Openwall GNU/*/Linux - a small security-enhanced Linux distro for servers
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Date: Sun, 10 Apr 2011 00:39:38 +0400
From: Solar Designer <solar@...nwall.com>
To: oss-security@...ts.openwall.com
Subject: Re: Closed list

On Fri, Apr 08, 2011 at 11:40:45AM -1000, akuster wrote:
> Can I get a status on this? (+, -, Ack, Nack)

Postponed.  I'd like to see any support for you getting onto the Linux
distros security contacts list, with reasoning, or/and any other
suggestions on what to do in this case.  Josh - what do you think (as
someone who advocated the setup of a vendor-sec replacement)?

Formally, you sort of qualify (you were on vendor-sec and presumably you
have a Linux distro, although I failed to quickly find a way to see what
kind of software your distro contains).  However, from your own
statement (quoted below), it appears that we're not going to be able to
see whether and how you make intended use of the advance notifications:

> Our advisories are via a paid subscription service so they are not public.

Obviously, this goes against the attempt at transparency, and also it
means that we won't be able to evaluate your need to be on the list in
the same way that we do/should/will for other vendors - e.g., we may
re-check Frugalware and rPath in a few months from now to see if their
security response has sufficiently improved to warrant the advance
notifications to them or not, but what do we do for MontaVista? grant
you an unconditional exception?

You also wrote:

> Our customers require vulnerabilities to be addressed in a timely manner.

So you have contractual relationships with your customers and you're
going to use the advance notifications in your business.  Well, many of
the more open Linux distros also have paying customers, but in your case
this is all you have (if I understood you correctly).

For both kinds of distros, it is possible that the vendor will misuse
the advance notifications to notify their customers before the issue is
disclosed publicly (which normally happens on the CRD).  We ask and hope
that vendors won't do this, but the risk is there.  Arguably, for a
vendor that is not making their advisories and updates public, this
temptation and thus the risk are higher.

Then, a closed Linux vendor like MontaVista, working for their paying
customers only, is somewhat similar to an end-user of Linux who
maintains their own Linux distro in-house.  Where do we draw the line?
Many legal entities vs. one?  I doubt that this is going to work as
desired (and I imagine that different people in here would want it to
work differently anyway).  For example, a large enterprise is likely to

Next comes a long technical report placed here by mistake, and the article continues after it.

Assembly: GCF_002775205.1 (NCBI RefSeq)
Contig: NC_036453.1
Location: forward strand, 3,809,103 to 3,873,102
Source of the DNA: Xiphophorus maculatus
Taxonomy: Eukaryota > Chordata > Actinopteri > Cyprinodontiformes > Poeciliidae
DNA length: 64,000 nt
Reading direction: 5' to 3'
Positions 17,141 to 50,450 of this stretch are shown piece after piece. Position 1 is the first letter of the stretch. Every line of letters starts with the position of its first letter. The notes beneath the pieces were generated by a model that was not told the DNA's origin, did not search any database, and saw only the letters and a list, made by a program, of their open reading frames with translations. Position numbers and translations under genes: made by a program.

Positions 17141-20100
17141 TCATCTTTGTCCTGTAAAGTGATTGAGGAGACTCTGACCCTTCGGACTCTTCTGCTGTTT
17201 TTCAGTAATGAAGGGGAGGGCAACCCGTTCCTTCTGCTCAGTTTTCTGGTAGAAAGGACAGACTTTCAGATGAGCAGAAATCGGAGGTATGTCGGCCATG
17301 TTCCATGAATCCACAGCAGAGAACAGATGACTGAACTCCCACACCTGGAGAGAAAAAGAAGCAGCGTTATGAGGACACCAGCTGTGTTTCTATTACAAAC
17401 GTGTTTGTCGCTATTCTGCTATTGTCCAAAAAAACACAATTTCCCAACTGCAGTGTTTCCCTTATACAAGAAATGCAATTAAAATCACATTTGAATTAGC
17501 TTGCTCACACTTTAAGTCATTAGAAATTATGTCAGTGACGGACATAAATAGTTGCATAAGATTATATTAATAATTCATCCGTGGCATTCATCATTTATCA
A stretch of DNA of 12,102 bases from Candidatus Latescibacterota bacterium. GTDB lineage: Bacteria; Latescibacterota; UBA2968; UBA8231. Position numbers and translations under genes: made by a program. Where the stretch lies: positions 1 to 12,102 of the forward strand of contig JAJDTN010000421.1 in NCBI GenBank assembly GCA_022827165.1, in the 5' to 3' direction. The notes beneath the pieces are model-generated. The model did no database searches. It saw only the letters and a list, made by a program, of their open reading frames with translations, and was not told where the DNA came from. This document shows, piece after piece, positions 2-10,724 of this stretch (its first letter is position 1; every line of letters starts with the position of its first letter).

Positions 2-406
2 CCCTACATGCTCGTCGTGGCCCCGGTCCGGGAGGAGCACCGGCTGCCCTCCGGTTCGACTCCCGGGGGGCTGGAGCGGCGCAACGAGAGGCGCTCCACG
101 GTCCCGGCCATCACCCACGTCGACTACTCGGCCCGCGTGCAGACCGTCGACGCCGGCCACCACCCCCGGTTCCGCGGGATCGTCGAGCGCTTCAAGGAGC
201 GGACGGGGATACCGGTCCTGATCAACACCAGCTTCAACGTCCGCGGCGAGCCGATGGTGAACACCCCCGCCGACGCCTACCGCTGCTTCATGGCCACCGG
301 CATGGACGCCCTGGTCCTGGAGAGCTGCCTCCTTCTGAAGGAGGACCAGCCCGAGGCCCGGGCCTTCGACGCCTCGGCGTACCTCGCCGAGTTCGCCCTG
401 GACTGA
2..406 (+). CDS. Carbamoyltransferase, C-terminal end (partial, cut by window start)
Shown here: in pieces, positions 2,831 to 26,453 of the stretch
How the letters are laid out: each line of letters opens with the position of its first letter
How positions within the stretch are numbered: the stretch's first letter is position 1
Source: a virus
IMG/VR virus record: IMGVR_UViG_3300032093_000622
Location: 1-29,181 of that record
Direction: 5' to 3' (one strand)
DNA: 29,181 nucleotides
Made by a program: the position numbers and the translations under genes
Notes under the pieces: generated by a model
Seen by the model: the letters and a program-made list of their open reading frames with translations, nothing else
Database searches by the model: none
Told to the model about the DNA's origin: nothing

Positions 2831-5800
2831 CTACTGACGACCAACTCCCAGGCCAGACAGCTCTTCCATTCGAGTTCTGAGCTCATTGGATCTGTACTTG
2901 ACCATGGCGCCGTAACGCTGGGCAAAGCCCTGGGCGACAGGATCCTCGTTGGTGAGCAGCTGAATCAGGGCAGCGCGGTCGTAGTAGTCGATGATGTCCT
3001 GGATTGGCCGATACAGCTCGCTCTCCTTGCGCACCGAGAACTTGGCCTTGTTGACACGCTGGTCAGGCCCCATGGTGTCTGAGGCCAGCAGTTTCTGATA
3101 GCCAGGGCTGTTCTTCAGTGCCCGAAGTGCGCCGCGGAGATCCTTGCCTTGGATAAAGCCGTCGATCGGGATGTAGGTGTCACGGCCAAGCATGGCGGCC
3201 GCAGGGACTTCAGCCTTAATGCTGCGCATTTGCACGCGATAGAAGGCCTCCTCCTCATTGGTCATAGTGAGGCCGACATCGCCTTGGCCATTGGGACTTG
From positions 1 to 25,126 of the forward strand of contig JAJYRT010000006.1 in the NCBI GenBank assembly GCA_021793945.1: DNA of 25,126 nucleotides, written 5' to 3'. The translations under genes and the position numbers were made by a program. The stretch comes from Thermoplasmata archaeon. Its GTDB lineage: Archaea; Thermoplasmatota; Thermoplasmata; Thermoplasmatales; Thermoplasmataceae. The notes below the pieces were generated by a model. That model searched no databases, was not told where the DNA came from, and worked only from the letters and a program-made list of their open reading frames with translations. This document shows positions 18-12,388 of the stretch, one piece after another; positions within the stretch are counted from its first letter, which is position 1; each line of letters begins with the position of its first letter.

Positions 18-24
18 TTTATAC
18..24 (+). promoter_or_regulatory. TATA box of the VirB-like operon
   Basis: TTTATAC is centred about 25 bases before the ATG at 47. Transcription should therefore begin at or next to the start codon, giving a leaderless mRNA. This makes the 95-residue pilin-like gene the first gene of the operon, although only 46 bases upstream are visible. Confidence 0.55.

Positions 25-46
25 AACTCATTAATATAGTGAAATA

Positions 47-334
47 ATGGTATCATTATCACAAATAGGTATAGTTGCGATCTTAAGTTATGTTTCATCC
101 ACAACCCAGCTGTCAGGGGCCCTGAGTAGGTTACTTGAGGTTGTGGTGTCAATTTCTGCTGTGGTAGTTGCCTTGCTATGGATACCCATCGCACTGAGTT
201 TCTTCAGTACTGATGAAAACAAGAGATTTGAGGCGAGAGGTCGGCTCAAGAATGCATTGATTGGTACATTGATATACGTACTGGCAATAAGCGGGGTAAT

use multiple legal entities.  Substantially same ownership?  This gets
too tricky, non-technical, non-specific, and subject to change.

Clearly, we can't reasonably start to accept end-users of Linux merely
because they build their own distro... or just claim to.

I understand that generalization and reductio ad absurdum may lead to a
logical fallacy, however unfortunately we're setting a precedent here
(one way or the other), so we may need to generalize and consider likely
consequences of the precedent... unless we're happy to drop the list
when it grows too large and maybe start anew, with stricter rules.

Finally, here's an additional aspect/concern.  The list is being setup
as a hopefully better alternative to explicit CC lists.  "Members" of
those lists are picked by whoever reports the issue - this person
could be from one of the distros or it could be an external reporter.
Would many (or any) of those people want to report to MontaVista
specifically (along with other distros) or to closed Linux vendors in
general?  I think not.  I think that having such vendors on the list
would feel like a tax to many reporters, who would have to weigh the
pros and cons of using the exploder (ease of use, an up-to-date list of
contact persons, encryption, but extra vendors notified) vs. direct e-mail
(excluding those who they don't want to or don't care to notify).
I think that many would choose the latter (and end up excluding some of
the open distros as well, even though they would not mind notifying
them), thereby reducing the usefulness of the list.

And you also wrote:

> will revisit the wiki issue soon.

Since you pinged me about the status on your subscription, let me ping
you about the status on the wiki updates as well. ;-)  Any progress?
The pages to update with your info are:

http://oss-security.openwall.org/wiki/vendors
http://oss-security.openwall.org/wiki/distro-patches

Please don't take any of the above personal.  I am just trying to
provide a useful service to the community.  This is a thankless job, and
I'd be happy if someone else does it - and does it better, or just
differently to provide an alternative.  I'd be happy if the alternative
wins, letting me happily shutdown the list.  (I've been privately asked
to provide a hopefully more secure alternative to vendor-sec long before
vendor-sec ceased to exist, but I really did not want to get Openwall
into the mess, nor did I have time for it.  I only felt like I had to do
it when it became clear that the lst.de folks would not host something
like this anymore.)

In fact, MontaVista may host such a list as well, which would include
MontaVista and more... but I would not expect many (maybe even most?)
other distros and reporters to want to write to that list, which would
kind of confirm the problem with having MontaVista on the list.

Please let me know if I misunderstood anything or if you have any
suggestions.

Thanks,

Alexander

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